Our greatest treasure trove of committee experience sits in the Banking Commerce and Insurance Committee office on the North side of the building.  Bill Marienau and Janice Foster, pictured here with new Banking, Commerce & Insurance (BCI) Chair Senator Lindstrom, are two of the longest-serving staffers in the Capitol. Bill has served as legal counsel for BCI for  31 years and Jan has served as committee clerk for 29 years.  They both have even more years of experience in the Unicameral.  Senator Lindstrom has just been selected as chair of the committee, but he has 60 years of great experience and expertise behind him.

Day 2 & 3: Committee Assignments & Bill Introduction

On Day 2 the Committee on Committees finalized the committee assignments for members and on Day 3 the full legislature voted to approve those assignments. For the next two years I will stay on the same committees: Business & Labor, Urban Affairs, and Health and Human Services.

On Day 2 we also began bill introduction. Senators bring three paper copies of the bills that they wish to introduce and submit them the Clerk. Often Senators can be seen walking around asking other Senators for co-sponsorship signatures during this window. If you tuned in to our live webcast during the mornings of Day 2 and 3, turning in bills and talking to possible co-sponsors was the main floor action.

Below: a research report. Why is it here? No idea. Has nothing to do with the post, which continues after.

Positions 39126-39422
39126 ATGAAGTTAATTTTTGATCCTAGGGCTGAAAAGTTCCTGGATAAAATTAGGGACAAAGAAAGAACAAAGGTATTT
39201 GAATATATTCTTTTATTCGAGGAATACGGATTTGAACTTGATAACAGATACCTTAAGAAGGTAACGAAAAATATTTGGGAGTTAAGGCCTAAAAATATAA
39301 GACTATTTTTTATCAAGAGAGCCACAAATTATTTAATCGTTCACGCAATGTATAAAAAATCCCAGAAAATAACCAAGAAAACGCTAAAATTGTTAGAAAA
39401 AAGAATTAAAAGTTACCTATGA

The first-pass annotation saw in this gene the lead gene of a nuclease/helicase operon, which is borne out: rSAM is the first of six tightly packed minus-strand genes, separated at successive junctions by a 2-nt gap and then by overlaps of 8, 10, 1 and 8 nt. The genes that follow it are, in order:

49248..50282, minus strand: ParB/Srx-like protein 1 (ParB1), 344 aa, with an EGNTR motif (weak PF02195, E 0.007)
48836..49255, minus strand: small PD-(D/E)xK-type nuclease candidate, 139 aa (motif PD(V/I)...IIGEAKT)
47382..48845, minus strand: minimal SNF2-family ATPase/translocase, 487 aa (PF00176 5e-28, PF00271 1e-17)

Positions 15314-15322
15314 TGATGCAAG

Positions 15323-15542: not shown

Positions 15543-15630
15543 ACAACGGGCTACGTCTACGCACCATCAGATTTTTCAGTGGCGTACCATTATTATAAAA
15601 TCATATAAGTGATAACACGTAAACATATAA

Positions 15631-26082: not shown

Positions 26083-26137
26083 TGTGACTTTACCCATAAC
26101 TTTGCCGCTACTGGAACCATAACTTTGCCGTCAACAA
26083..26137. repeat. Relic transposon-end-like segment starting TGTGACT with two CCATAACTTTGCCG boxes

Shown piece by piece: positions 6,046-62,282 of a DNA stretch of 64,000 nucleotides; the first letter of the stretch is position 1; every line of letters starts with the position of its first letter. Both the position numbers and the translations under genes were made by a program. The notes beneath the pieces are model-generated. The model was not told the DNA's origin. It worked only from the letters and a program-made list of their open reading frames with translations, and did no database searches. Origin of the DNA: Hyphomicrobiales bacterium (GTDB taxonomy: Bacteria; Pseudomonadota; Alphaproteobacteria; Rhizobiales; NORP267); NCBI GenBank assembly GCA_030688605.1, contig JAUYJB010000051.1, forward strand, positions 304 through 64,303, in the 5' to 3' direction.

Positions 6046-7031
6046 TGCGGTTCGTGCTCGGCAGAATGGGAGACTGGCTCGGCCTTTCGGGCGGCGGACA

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Turning in a bill at the beginning of the 2013 legislative session. Photo courtesy of the Unicameral Information Office.

On Day 2, I introduced four Economic Development Bills. LB 96, my Site and Building Development Bill, will make loans, grants and other financial assistance offered by the Department of Economic Development  available to public and private initiatives to improve the value of military installations across our state. My state highway relinquishment bill gives municipalities the ability to negotiate the terms with the state when acquiring a relinquished state highway for development purposes. The idea for this bill came from a conversation I had going door to door during the campaign.  One of our former city councilmen talked about the challenges that Bellevue faced when trying to develop around Fort Crook Road because of restrictions that Bellevue still has to follow even though the Nebraska Department of Roads relinquished the road to the city. The third bill creates a Riverfront Development tool for municipalities and the fourth makes it easier for cities to get the information that they need from the Department of Revenue to administer their part of economic development incentives.